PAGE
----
(-ntiḥ) Patience, forbearance, endurance. E. kṣam to be patient, affix ktin.Source: Cologne Digital Sanskrit Dictionaries: Benfey Sanskrit-English Dictionary
Kṣānti (क्षान्ति).—i. e. kṣam + ti, f. Patience, forbearance, [Mānavadharmaśāstra] 5, 107.Source: Cologne Digital Sanskrit Dictionaries: Cappeller Sanskrit-English Dictionary
Kṣānti (क्षान्ति).—[feminine] = [preceding] [neuter]; poss. mant.Source: Cologne Digital Sanskrit Dictionaries: Monier-Williams Sanskrit-English Dictionary
1) Kṣānti (क्षान्ति):—[from kṣam] f. patient waiting for anything, [Vopadeva xxiii, 3]
2) [v.s. ...] patience, forbearance, endurance, indulgence, [Manu-smṛti v, 107; Mahābhārata; Rāmāyaṇa] etc.
3) [v.s. ...] the state of saintly abstraction, [Divyāvadāna vi, xii, xviii]
4) [v.s. ...] (in music) Name of a Śruti
5) [v.s. ...] Name of a river, [Viṣṇu-purāṇa]Source: Cologne Digital Sanskrit Dictionaries: Yates Sanskrit-English Dictionary
Kṣānti (क्षान्ति):—(nti) 2. f. Patience.Source: DDSA: Paia-sadda-mahannavo; a comprehensive Prakrit Hindi dictionary (S)
Kṣānti (क्षान्ति) in the Sanskrit language is related to the Prakrit word: Khaṃti.
[Sanskrit to German]
Sanskrit, also spelled संस्कृतम् (saṃskṛtam), is an ancient language of India commonly seen as the grandmother of the Indo-European language family (even English!). Closely allied with Prakrit and Pali, Sanskrit is more exhaustive in both grammar and terms and has the most extensive collection of literature in the world, greatly surpassing its sister-languages Greek and Latin.
Kannada-English dictionarySource: Alar: Kannada-English corpus
Kṣāṃti (ಕ್ಷಾಂತಿ):—[noun] the quality of being forbearing; patient restraint; forbearance; tolerance.
Kannada is a Dravidian language (as opposed to the Indo-European language family) mainly spoken in the southwestern region of India.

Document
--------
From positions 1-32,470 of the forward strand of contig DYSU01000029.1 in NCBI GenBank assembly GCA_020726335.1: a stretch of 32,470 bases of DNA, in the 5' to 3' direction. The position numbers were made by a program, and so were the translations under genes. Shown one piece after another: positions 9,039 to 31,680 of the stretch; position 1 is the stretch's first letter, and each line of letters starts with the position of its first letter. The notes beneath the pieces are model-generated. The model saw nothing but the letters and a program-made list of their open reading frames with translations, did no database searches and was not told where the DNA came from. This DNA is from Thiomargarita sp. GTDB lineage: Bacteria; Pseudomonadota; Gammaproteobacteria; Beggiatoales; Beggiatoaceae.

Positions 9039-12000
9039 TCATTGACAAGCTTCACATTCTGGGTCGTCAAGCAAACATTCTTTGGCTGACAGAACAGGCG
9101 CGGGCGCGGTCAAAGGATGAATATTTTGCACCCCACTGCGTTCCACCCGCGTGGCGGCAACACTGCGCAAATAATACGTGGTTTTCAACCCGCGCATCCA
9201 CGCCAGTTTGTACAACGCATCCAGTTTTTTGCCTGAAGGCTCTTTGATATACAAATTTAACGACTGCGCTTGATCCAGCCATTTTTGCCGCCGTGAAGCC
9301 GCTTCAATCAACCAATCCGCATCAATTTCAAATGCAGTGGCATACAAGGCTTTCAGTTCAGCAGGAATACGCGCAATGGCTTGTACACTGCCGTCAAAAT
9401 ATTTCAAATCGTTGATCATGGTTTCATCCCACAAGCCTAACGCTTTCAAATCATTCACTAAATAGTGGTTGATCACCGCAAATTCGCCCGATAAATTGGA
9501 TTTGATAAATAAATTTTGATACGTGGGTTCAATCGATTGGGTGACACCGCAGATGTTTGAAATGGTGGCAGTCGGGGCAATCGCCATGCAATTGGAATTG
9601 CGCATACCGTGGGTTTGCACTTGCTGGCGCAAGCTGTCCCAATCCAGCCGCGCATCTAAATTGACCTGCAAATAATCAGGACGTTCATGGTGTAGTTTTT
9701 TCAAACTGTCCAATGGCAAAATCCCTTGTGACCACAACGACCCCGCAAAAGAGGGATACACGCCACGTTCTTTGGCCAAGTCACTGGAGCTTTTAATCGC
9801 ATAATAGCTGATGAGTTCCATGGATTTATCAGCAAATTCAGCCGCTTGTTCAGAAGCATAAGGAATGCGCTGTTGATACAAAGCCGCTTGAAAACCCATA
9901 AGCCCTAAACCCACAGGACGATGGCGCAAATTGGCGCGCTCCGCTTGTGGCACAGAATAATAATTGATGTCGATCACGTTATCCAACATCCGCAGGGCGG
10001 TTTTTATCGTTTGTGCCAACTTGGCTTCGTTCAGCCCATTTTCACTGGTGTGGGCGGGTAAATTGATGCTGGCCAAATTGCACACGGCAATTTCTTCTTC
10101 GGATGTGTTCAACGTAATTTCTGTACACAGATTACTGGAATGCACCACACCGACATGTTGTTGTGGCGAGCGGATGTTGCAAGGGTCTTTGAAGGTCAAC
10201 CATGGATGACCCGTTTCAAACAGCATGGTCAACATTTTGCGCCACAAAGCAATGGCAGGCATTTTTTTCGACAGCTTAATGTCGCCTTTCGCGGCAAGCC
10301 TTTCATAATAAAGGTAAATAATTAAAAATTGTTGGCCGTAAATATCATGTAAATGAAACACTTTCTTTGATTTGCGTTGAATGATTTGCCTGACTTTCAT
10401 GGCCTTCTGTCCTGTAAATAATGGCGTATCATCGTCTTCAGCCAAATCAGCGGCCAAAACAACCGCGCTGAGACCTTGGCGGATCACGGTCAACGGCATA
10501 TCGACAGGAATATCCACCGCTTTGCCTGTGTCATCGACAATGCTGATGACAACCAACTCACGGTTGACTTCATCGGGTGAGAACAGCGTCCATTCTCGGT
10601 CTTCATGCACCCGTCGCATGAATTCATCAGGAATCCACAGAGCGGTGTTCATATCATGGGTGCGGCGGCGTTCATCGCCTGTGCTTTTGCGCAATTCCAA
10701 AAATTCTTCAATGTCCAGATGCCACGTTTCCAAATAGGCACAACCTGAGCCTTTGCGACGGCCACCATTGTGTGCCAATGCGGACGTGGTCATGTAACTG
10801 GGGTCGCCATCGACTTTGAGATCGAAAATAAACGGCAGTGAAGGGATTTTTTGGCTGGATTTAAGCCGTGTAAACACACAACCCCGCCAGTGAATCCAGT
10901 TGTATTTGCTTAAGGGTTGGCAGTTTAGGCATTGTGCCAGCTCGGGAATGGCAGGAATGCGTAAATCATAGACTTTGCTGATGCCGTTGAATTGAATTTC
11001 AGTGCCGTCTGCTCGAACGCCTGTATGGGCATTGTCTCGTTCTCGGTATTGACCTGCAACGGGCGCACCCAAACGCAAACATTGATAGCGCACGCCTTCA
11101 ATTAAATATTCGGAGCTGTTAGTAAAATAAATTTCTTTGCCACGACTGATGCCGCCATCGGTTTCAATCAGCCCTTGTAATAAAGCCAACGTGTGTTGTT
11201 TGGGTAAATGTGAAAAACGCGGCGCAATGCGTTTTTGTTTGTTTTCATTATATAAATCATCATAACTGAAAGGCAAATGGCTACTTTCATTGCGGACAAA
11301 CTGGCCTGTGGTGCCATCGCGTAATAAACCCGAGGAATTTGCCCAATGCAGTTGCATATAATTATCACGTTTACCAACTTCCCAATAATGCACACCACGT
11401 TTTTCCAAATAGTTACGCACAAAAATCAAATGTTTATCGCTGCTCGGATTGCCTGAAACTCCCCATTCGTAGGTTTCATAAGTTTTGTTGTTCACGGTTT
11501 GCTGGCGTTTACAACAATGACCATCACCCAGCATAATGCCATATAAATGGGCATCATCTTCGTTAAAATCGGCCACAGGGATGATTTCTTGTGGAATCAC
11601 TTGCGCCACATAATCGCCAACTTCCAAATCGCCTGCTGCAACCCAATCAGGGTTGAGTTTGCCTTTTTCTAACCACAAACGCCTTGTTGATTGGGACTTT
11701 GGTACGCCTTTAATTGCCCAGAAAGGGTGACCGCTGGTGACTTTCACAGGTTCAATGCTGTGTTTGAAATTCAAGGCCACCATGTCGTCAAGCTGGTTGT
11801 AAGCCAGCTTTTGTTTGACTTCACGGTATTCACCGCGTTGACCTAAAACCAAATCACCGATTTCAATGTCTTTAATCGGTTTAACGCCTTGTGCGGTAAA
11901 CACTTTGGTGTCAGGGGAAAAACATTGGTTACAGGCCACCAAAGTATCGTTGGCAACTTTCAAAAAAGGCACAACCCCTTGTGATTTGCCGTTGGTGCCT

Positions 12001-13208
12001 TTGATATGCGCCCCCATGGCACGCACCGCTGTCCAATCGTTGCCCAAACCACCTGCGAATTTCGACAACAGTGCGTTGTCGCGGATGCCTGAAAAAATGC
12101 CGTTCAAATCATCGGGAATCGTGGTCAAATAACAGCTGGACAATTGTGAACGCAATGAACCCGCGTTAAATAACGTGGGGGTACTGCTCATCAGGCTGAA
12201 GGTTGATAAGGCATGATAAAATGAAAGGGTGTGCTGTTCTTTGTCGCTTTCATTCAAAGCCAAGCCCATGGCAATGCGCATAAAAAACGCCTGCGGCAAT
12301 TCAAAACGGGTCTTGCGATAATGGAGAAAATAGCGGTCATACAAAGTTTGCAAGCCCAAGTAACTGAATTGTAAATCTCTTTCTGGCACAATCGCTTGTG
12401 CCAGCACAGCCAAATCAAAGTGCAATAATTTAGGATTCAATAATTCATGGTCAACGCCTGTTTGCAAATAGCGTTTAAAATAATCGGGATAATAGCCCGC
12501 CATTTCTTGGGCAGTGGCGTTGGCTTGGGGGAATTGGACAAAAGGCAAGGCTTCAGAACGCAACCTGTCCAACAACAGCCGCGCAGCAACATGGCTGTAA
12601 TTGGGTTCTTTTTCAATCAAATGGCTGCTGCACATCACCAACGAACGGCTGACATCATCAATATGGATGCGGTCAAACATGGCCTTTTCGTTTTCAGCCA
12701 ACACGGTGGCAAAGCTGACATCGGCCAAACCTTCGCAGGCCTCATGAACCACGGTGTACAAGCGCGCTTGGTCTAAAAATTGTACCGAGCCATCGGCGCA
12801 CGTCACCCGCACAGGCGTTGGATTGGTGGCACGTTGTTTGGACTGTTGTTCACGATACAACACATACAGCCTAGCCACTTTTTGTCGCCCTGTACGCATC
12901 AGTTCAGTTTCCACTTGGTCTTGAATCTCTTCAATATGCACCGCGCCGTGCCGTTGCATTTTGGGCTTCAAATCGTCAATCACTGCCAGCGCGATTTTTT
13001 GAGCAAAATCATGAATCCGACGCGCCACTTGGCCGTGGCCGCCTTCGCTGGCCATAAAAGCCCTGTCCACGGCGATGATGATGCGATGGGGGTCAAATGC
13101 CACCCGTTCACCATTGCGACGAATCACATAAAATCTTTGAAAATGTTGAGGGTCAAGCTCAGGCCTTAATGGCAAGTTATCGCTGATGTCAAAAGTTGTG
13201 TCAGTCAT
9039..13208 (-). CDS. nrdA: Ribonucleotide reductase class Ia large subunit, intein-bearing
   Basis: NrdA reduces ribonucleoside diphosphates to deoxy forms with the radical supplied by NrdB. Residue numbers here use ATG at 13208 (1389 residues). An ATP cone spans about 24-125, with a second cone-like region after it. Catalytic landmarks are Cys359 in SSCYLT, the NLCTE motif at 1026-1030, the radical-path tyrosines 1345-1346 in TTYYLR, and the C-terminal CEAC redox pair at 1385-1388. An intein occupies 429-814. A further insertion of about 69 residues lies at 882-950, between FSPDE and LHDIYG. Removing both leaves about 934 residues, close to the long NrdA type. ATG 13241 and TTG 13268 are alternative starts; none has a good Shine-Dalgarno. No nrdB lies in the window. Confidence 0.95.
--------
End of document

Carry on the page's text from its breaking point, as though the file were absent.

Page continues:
See also (Relevant definitions)
Starts with: Ksantirsi, Kshantibala, Kshantika, Kshantimandalapradipa, Kshantimant, Kshantimat, Kshantipala, Kshantiparamita, Kshantipradipashiri, Kshantipradipashri, Kshantipriya, Kshantishila, Kshantivada, Kshantivadin, Kshantivarman, Kshantivarnavadin, Kshantiya, Kshantiyukta.
Ends with: Adhimatrakshanti, Akshanti, Anutpadakshanti, Anutpattidharmakshanti, Anutpattikadharmakshanti, Dharmakshanti, Dharmanidhyanakshanti, Duhkhadhivasanakshanti, Gotrakshanti, Hitopadeshashvakshanti, Kankshanti, Paropakaradharmakshanti, Samatakshanti, Sattvakshanti, Vivikshanti.
Full-text (+65): Akshanti, Anutpattikadharmakshanti, Kshantiparamita, Anutpadakshanti, Khanti, Paramita, Paropakaradharmakshanti, Kshantivarnavadin, Kshantimat, Kshantipala, Kshantipriya, Kshantishila, Anulomiki, Kshantivadin, Ghoshanuga, Nirvedhabhagiya, Kshantimant, Saurabhya, Gotrakshanti, Kshantika.
Search found 36 books and stories containing Kshanti, Kṣānti, Ksanti, Kṣāntī, Kshamti, Kṣāṃti, Ksamti; (plurals include: Kshantis, Kṣāntis, Ksantis, Kṣāntīs, Kshamtis, Kṣāṃtis, Ksamtis). You can also click to the full overview containing English textual excerpts. Below are direct links for the most relevant articles:
Maha Prajnaparamita Sastra (by Gelongma Karma Migme Chödrön)
Bodhisattva quality 23: endowed with utmost patience < [Chapter XII - Unhindered Mind]
Appendix 6 - The preparatory path (prayogamārga) in the Śrāvaka system < [Chapter XLII - The Great Loving-kindness and the Great Compassion of the Buddhas]
Appendix 5 - The story of the bhikṣu Kṣānti < [Chapter VIII - The Bodhisattvas]
Nagarjunikonda < [April 1955]
A Plea for the Humanities < [April 1954]
Prajnaparamita in Buddhist < [November-December 1931]
Bhakti-rasamrta-sindhu (by Śrīla Rūpa Gosvāmī)
Mahayana Buddhism and Early Advaita Vedanta (Study) (by Asokan N.)
Vimalakirti Nirdesa Sutra (by Charles Luk)
Tattvartha Sutra (with commentary) (by Vijay K. Jain)
Verse 6.12 - The nature of Pleasant-feeling Karmas < [Chapter 6 - Influx of Karmas]